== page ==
City of Lies
2021, R, 112 min. Directed by Brad Furman. Starring Johnny Depp, Forest Whitaker, Toby Huss, Dayton Callie, Neil Brown Jr..
REVIEWED By Matthew Monagle, Fri., March 26, 2021
The film is based on LAbyrinth, the 2003 book by journalist Randall Sullivan that placed Biggie Smalls’ death directly at the feet of L.A. police officers with ties to Death Row Records. In the film, retired homicide detective Russell Poole (Depp, who unwisely also plays Poole in flashbacks) forms an uneasy friendship with Jack Jackson (Whitaker), a journalist working on an anniversary “lookback.” As the two join forces on the unsolved murder investigation, Poole brings Jackson deeper into a web of conspiracies and murders that puts the LAPD at the center of the music industry’s most infamous (possible) murder for hire.
In the tradition of police procedurals, a mystery can only be mysterious if we have faith in the intelligence of the characters pursuing the truth. Sure, Whitaker plays Jackson as a self-avowed sellout, a former rising star who stakes his career to a piece of bad reporting. But City of Lies also uses him as a plot device, a character who more than once barges into rooms to loudly demand the truth, only to leave with his tail between his legs when his lack of research betrays him. If Jackson is meant to be an audience surrogate, then City of Lies seems to have little faith in its viewers.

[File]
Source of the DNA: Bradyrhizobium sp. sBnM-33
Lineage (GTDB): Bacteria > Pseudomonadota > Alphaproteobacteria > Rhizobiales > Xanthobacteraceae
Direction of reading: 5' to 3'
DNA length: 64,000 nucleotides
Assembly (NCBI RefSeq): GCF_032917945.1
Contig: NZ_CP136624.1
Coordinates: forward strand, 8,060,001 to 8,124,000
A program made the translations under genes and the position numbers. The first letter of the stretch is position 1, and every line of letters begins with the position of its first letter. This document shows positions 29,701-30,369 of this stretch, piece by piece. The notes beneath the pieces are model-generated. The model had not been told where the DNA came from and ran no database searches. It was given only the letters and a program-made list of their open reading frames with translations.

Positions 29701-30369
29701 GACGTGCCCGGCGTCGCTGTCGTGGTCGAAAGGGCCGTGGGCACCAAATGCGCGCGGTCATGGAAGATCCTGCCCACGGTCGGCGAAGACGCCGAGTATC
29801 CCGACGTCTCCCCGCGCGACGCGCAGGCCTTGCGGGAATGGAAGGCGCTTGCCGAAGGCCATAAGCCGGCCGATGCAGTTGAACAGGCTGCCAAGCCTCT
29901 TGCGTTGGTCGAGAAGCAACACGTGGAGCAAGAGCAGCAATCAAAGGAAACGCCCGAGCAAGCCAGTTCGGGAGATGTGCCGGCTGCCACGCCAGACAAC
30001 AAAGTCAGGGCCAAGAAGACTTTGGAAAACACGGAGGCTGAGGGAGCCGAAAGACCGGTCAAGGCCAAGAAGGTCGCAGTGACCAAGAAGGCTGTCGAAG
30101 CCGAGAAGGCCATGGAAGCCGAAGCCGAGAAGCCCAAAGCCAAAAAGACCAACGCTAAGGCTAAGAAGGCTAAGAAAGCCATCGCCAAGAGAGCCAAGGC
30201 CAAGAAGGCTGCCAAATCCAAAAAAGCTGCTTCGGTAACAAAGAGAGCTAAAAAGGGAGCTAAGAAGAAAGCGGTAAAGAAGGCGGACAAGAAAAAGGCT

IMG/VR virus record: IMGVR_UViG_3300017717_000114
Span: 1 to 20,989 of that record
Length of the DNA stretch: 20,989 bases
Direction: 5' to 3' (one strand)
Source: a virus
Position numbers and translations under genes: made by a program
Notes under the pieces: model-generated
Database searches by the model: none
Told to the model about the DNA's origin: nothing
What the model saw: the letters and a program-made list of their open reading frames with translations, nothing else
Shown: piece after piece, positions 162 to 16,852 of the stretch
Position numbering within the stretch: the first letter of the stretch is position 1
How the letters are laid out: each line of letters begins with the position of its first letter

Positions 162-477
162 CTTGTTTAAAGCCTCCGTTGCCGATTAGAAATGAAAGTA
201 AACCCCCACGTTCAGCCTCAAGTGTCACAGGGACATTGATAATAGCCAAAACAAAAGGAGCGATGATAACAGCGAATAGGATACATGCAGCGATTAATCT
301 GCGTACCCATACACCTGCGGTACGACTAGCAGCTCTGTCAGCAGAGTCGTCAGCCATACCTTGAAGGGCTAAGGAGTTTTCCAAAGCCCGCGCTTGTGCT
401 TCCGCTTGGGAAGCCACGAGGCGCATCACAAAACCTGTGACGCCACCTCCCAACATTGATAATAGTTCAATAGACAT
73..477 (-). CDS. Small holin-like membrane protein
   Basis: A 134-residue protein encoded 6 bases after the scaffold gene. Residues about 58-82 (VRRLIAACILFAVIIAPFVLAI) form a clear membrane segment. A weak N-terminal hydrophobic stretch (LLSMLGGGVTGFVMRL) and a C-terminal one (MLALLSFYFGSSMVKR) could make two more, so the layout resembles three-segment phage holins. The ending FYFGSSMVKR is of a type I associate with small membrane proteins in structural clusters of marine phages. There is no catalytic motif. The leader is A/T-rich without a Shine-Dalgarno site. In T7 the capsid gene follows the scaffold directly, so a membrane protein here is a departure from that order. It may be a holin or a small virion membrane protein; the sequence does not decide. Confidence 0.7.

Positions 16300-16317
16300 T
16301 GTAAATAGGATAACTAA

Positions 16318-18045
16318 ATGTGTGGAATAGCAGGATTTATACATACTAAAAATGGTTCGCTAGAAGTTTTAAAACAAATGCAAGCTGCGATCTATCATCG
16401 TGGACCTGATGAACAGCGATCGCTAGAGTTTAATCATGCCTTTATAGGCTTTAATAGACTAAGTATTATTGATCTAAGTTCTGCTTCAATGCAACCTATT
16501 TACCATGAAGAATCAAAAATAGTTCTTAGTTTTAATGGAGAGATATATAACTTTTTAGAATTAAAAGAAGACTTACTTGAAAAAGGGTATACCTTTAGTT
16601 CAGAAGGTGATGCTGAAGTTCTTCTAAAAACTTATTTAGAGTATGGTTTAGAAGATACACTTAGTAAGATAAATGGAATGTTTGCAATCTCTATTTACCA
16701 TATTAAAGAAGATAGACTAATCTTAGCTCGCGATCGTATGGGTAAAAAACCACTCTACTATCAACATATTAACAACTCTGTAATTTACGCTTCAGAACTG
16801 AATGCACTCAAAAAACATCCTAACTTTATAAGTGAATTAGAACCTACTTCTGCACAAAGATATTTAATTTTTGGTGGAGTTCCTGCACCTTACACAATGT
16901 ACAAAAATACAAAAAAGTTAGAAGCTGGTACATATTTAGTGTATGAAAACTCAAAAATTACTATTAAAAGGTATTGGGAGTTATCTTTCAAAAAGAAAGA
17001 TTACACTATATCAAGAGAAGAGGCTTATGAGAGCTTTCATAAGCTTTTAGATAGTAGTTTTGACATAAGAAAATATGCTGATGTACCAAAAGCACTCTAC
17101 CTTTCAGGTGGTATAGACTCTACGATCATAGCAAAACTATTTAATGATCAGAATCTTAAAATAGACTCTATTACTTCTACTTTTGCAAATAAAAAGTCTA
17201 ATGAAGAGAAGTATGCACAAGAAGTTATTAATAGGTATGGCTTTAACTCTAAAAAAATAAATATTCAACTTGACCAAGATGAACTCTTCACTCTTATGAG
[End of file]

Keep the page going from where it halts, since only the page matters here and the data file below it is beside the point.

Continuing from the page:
If Jackson were just an incompetent journalist, this would be an unflattering portrayal. But a Black journalist who must have the racial dynamics between the LAPD and the people of Los Angeles explained to him by a white cop is another issue altogether. Despite touching on everything from the death of Biggie to the Rampart scandal to the O.J. Simpson trial, City of Lies takes a position firmly outside Black culture, and that makes it hard to understand what higher point it hopes to make about police corruption.
Poole describes his need for the truth as a sickness. As the investigation unfolds, Depp waxes poetic about the tainted honor of being a good cop in a bad city. He also makes it clear that, where the law is concerned, he is entirely colorblind. “I saw clues that said our bad guys might be cops,” Poole explains. “Miller only saw that we were white cops accusing Black cops.” In a film that practically demands hard conversations about the intersection of race and police influence, this approach drains the movie of any lingering relevance it might have achieved in its too-late release.
These choices are all the more frustrating because Furman’s direction provides City of Lies with a polish most police thrillers lack. Furman – who rose to prominence with 2011’s The Lincoln Lawyer – has a knack for creating texture without overshadowing his actors’ performances. Consider an early crime scene investigation, which unfolds as a single shot from a mostly static camera. This sequence establishes Poole’s competence as an investigating officer without drawing attention to Furman as the director. As a result, it feels somehow modern and classic at the same time.
Ultimately, City of Lies is more James Ellroy than docudrama, resulting in a tired police thriller that hitched its wagon to an untenable star. Those looking to explore the East Coast/West Coast rivalry of the early Nineties – or the protests sparks by years of LAPD violence and abuses – would do well to seek out the many (many) documentaries that explore these events through a historical lens.